Three hundred million years ago is a long time ago. A long, long time ago. Living here in the Midwest, I don’t often have reminders that our planet has been around that long. The geological features that form my daily landscape are not that old. The Great Lakes, according to most experts, were formed about 13,000 years ago following the last Ice Age. As the ice retreated, it left the bodies of water that we know as the Great Lakes.
I was out west this past weekend, in Nevada, where the landscape is much more dramatic and reminders of the age and history of our planet are all around. I visited Valley of Fire State Park, about an hour outside of Las Vegas, where the red sandstone that gives the park its name is an amazing – and very dry - site.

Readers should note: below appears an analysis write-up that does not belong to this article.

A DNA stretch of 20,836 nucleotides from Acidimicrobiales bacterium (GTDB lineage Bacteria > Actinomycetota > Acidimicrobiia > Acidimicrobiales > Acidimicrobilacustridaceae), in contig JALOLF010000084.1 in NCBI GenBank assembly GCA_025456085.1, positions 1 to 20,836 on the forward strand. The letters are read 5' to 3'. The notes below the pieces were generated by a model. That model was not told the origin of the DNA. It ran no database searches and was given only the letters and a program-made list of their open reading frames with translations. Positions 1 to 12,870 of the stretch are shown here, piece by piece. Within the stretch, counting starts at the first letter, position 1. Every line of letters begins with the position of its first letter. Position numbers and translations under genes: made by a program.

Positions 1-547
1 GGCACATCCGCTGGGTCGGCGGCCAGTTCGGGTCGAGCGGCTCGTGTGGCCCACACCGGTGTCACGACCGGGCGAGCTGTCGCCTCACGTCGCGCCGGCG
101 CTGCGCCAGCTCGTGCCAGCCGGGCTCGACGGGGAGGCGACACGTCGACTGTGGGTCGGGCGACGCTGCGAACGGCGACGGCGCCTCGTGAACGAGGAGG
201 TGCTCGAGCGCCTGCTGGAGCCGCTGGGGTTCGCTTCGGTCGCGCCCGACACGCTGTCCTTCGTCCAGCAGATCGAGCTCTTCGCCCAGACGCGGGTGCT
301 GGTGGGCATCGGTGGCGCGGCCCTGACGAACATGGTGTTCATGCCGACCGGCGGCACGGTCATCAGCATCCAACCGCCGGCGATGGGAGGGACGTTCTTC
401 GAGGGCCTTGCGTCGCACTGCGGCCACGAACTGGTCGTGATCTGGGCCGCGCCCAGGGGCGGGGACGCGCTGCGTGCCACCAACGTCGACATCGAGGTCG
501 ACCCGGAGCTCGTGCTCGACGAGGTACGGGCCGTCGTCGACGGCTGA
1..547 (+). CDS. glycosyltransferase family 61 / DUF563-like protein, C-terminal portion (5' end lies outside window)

As you gaze out over the landscape from the park’s Visitors Center, you are reminded that millions of years ago there was a vast inland sea here. You can imagine it. Mountains and rocks rim a valley where the shallow sea contained all kinds of ancient plant and animal life, remnants of which still remain.
I came back to my own inland sea, and gazed out at it, trying to imagine what this land will look like if the water retreats and leaves behind only the dry, flat bottom. Will that happen? I could prophesize that it will, if we don’t take care of our lakes, but the truth may be that even if we do, they will vanish in a hundred million years or so anyway. Change is constant on this planet.
Still, like the arguments about climate change, we have to ask what the effect of our modern civilization is on this change. Three hundred million years ago when the Nevada inland sea was warm and teeming with life, there were no human beings to accelerate the demise of that sea. Maybe that's why it survived as long as it did.